Formula 1: Schumi junior with a mega crash in qualifying

The weekend in Saudi Arabia is bewitched. First the rocket attack on a plant owned by oil multinational Aramco around 20 kilometers from the route on Friday. In qualifying on Saturday, Nicholas Latifi crashed heavily. Then Mick Schumacher (23) gets to know the walls in an unpleasant way.

In a high-speed passage, the German loses his Haas on a curb in turn eleven, spins and hits the wall sideways. Mick doesn’t show the directing at first. Instead, worried looks everywhere. Inappropriate: While the ambulance is parked next to the Haas, loud party music blasts through the track loudspeakers.

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After about five minutes, Schumacher’s Haas team gives the all-clear: Schumi junior is conscious and on his way to the track hospital. Apparently he hit his head sideways on the headrest. The Haas was completely destroyed, the rear with the engine broke off.

After about half an hour, Haas tweeted: Schumacher is doing well given the circumstances. He was taken to King Fahd Armed Forces Hospital by helicopter for further checks. TV pictures show the son of record world champion Mick Schumacher sitting on a stretcher and gesticulating.

Ralf Schumacher protects his nephew on Sky: “It’s no use: As a driver you have to go to the limit, especially when it comes to entering Q3. And if a car takes off over the curbs here, the driver doesn’t stand a chance. He but it was also just too fast. The impact was violent, almost instantaneously at the obtuse angle.”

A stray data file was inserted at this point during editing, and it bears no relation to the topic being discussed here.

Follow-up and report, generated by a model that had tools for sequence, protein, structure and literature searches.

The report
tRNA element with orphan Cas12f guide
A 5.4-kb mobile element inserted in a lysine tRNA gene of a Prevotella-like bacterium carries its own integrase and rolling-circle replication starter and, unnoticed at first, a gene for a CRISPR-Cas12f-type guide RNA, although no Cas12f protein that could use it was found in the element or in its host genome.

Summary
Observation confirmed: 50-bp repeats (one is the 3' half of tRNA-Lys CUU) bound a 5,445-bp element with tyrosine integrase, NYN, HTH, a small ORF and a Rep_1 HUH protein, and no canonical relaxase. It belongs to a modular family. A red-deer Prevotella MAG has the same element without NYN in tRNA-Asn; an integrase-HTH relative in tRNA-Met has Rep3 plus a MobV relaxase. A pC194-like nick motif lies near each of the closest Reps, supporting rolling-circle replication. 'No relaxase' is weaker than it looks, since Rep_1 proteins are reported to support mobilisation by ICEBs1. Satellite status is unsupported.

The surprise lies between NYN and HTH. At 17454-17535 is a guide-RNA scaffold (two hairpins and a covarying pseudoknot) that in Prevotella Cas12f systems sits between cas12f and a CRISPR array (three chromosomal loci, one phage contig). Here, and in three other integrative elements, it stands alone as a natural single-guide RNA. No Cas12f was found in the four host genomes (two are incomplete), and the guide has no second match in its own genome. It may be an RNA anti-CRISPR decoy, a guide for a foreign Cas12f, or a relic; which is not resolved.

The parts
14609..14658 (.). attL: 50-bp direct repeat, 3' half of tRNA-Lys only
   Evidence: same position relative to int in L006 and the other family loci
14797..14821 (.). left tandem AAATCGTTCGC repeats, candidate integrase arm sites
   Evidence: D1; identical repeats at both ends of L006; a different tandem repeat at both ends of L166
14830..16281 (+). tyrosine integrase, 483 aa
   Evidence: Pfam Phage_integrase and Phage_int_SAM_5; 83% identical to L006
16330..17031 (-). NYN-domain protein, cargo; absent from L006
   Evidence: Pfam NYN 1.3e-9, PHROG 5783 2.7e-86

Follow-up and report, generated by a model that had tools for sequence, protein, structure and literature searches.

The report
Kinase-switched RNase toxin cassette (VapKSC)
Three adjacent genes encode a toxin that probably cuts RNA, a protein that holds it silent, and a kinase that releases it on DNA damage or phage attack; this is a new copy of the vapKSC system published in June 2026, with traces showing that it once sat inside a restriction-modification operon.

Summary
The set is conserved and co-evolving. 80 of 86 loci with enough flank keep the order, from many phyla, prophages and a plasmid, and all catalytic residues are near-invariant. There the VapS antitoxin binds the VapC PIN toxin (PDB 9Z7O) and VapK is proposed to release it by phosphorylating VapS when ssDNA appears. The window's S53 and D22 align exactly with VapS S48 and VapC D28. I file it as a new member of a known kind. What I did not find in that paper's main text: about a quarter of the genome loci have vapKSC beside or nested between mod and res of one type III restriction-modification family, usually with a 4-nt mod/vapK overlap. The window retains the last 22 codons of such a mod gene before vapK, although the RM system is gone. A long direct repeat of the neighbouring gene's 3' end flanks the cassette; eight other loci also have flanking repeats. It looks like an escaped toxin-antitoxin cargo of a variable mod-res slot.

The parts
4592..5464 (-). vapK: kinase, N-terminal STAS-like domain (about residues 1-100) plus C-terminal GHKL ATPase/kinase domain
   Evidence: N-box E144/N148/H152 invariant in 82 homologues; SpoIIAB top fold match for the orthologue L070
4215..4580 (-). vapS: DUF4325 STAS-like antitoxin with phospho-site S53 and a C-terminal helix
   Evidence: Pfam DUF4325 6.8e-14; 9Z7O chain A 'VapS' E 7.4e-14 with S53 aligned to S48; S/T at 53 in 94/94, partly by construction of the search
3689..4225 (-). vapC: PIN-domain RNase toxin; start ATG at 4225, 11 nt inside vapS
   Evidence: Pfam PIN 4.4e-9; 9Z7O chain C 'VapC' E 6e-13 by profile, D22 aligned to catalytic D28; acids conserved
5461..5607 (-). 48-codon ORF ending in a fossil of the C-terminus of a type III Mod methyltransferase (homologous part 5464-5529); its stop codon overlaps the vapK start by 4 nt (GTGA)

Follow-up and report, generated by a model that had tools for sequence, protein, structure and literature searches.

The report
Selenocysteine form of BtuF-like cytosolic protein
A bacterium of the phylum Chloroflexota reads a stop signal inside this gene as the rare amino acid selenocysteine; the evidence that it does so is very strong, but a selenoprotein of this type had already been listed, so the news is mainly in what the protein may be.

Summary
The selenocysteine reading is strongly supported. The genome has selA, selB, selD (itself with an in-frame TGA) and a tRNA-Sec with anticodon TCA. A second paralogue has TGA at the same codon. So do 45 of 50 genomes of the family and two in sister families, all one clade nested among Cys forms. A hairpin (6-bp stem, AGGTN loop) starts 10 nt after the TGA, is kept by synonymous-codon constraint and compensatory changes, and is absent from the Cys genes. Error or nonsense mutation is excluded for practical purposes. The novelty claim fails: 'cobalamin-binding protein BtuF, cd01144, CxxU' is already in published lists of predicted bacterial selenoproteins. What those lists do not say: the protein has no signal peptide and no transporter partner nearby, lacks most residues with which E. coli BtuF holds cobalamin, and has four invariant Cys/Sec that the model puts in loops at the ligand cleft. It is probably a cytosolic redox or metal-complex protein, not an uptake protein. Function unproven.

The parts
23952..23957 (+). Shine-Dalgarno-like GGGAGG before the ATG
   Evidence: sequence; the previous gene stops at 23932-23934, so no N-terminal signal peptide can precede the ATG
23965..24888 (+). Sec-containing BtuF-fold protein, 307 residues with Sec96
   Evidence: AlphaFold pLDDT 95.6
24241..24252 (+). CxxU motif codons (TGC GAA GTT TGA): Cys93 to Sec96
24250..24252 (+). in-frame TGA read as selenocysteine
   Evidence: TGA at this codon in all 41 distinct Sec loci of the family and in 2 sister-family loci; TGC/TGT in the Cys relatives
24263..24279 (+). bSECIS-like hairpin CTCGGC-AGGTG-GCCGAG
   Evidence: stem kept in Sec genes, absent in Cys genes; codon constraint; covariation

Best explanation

Mick Schumacher survives a serious accident in qualifying for the Saudi Arabian GP uninjured.

Schumi II has experience with accidents. He crashed twice in Indianapolis and had a concussion at the time.
McLaren team boss Andreas Seidl comments: “It’s a fine line, a street circuit at the limit. At the same time, we have to be honest: the drivers love the track. The FIA ​​​​and the promoter have done a good job. There is no such thing as 100 percent safety when the walls are so close.”

After all: Haas team boss Günther Steiner has good news. “Mick is fully conscious,” he says on Sky. “He has already spoken to his mother. He has no external injuries. Now he’s in the hospital for check-ups.”

In the end, Schumacher ended up in 14th place. However, it is uncertain whether he will be able to start on Sunday: “It will hurt in the body after such an impact,” emphasizes Steiner. “Not much is left of the car. And what’s left has to work.”

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It is important anyway that the young German is healthy. Steiner: “My first thought was: I hope he’s doing well. We then had no more radio and data contact. Everything has probably been destroyed.” The South Tyrolean also calmed down Corinna Schumacher. “I’ve kept the mother informed in the meantime that he’s fine.”

Curious: A Haas accident of all things ensured even more safety in Formula 1: “The safety standard is very high,” emphasizes Steiner. “The cars were reinforced again after the Grosjean accident (in Bahrain 2020; ed.). That helped. And you also need luck.”

Nevertheless, Ralf Schumacher is critical: “Do you still have to build such narrow stretches with walls so close? This is an issue for the GPDA (drivers’ association; ed.).”

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In 2022, Formula 1 will run on Sky. Last year, the broadcaster introduced a new TV channel especially for the premier class: Sky Formula 1. Here there is motorsport 24 hours a day. All practice sessions, all qualifying sessions, all races are always live and without commercial breaks. In addition, Sky also broadcasts the support races Formula 2, Formula 3 and the Porsche Supercup. The program also includes historic races and special programs.

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